Adam Czyzewski

Recently, I have attended a debate on the re-industrialisation of Europe. Frankly, my response was simple. It was a question, really. What is this debate about?

Europe has as much industry as it can retain (in the case of old EU member states) or attract (in the case of CEE countries). The process of industry declining as a share of GDP has been taking place in developed economies for a couple of decades now, and has many sources. One is technological advancement, increased productivity, and rapid development of the services sector which occurs as nations grow wealthier. The other is direct foreign investments, or transferring manufacturing operations to poorer countries to benefit from lower labour costs. But not all low-cost countries attract foreign investors. The thing is that the host country must offer decent conditions for doing business, but also that investors need a guarantee that their profits can be repatriated. One such flagship guarantee in the case of FDI host countries is WTO membership (World Trade Organisation established in 1995).

How critical this factor is can be seen from the recent economic history of China, which joined the WTO in December 2001 and has enjoyed a fast-paced growth and influenced the global economy ever since. Exports of cheap consumer goods from China acted as a damper on inflation in developed countries (and Poland) and ultimately led to the creation of a low interest rate environment. Low interest rates were an incentive to borrow money and invest it in property, whose inflated prices gave its owners the sense of being wealthier, encouraging them to spend more on consumption. The spending was facilitated by the thriving financial markets and institutions. Some researchers have suggested a connection between central banks’ effectiveness in curbing inflation and the growing popularity of direct inflation targeting (Poland adopted its direct inflation targeting strategy in 1998, when the average annual inflation rate was 11.8%).But I think it was China’s accession to the WTO that played a key role in this process.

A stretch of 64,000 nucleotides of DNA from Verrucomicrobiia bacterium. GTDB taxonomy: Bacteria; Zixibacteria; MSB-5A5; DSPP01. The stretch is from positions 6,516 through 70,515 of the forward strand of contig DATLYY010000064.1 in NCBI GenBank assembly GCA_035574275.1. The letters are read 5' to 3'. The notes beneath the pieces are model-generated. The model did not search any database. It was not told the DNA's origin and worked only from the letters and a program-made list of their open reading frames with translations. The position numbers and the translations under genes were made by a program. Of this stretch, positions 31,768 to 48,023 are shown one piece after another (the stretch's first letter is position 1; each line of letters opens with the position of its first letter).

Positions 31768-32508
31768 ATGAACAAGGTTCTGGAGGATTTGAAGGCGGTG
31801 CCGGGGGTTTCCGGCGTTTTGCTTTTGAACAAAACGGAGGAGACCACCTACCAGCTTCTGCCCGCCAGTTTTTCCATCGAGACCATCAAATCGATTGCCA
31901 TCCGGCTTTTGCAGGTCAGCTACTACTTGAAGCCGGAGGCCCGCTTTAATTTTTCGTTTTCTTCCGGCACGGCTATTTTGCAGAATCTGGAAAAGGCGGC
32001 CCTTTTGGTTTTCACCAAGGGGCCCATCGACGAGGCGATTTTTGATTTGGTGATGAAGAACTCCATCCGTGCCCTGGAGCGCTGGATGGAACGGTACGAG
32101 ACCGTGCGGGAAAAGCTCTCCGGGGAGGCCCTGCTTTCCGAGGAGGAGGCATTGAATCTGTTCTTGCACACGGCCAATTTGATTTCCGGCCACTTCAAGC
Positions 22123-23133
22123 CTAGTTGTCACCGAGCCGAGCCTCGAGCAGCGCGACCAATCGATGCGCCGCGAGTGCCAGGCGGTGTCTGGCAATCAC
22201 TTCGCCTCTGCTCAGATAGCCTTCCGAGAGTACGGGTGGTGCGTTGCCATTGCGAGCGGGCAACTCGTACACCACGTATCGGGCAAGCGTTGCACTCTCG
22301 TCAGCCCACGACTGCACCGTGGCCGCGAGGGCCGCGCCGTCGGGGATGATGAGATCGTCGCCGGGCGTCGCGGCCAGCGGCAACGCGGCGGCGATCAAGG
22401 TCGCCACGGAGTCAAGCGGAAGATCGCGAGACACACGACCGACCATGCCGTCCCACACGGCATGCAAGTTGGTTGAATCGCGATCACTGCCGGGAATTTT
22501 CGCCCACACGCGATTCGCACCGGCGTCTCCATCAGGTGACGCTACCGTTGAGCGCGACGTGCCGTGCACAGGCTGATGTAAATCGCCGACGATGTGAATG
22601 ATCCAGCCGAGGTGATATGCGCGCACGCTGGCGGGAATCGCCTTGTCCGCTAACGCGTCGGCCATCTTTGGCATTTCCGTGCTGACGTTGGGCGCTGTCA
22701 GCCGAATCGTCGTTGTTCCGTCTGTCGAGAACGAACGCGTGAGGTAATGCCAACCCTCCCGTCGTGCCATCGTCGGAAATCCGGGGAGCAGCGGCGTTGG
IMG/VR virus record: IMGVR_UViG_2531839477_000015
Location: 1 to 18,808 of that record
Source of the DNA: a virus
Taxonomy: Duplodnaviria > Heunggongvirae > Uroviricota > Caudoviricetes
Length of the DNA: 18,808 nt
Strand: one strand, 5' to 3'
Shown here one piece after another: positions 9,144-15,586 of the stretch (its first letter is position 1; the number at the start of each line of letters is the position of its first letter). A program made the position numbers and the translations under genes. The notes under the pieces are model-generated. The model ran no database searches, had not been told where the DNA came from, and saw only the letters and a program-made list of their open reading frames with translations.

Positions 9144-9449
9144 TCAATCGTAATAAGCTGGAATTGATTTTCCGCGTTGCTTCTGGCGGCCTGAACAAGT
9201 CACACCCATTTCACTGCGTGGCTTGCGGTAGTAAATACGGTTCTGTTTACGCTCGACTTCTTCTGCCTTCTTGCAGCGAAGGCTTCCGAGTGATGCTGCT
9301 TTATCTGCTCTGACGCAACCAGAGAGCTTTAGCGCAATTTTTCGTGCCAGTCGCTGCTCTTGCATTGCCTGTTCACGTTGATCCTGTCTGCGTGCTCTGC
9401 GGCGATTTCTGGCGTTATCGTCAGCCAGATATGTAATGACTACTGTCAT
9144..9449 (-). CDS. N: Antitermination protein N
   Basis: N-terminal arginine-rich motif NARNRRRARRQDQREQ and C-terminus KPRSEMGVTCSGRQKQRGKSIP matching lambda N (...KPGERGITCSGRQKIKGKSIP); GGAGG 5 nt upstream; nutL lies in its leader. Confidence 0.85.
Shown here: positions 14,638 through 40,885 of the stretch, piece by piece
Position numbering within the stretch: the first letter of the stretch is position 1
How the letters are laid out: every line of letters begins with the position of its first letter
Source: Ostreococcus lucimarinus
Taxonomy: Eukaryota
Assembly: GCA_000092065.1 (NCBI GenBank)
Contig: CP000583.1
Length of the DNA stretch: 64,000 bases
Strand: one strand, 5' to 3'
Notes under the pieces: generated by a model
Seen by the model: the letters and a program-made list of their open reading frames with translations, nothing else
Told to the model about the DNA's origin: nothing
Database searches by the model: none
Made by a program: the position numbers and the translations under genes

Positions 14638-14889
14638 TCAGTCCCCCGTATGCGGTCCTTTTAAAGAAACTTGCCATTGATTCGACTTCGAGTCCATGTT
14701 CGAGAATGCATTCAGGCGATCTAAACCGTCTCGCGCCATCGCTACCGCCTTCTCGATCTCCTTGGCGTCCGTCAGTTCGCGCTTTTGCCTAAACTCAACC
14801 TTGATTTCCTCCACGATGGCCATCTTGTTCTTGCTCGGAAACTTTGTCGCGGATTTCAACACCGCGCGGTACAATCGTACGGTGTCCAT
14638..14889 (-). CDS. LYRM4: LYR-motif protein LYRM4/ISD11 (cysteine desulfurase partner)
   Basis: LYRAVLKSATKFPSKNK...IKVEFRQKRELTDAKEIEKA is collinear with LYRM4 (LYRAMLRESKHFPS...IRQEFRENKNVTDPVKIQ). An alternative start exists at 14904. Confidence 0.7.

If China had not entered the WTO in 2001, the property market would probably have not crashed in 2008. Oil prices would not have skyrocketed between 2003 and 2008 and the US would have found it harder to achieve breakthroughs in its oil and gas extraction technologies, and the country would not have seen energy prices drop and its industry return home, also from China (in the most industrialised parts of China labour costs are not as attractive as they used to be and energy prices are definitely high). Sketching this alternative scenario, I am far from placing the blame on China for the acute impact of the financial crisis that Europe is still suffering from. I have used China as an example to demonstrate that sovereign economic policy of a large nation has the power to alter the economic landscape globally. The US dollar strengthening against other currencies, including the złoty, is a sign that the American economy is ever stronger and that the financial markets expect the Federal Reserve to start raising interest rates soon. The strong dollar benefits the eurozone, as it reinforces the European Central Bank’s measures designed to drive the value of the euro down, which bolsters the competitiveness of eurozone economies on international markets. Poland being outside the eurozone, the conditions for doing business in our country are driven by the implications of the depreciating euro (the złoty gaining value against the euro) and the appreciating dollar (the złoty losing value against the dollar). Fuel prices rise on the stronger dollar, while the złoty appreciating against the euro makes non-fuel imports (with their lion’s share originating in the eurozone) cheaper and causes revenue from exports to decline.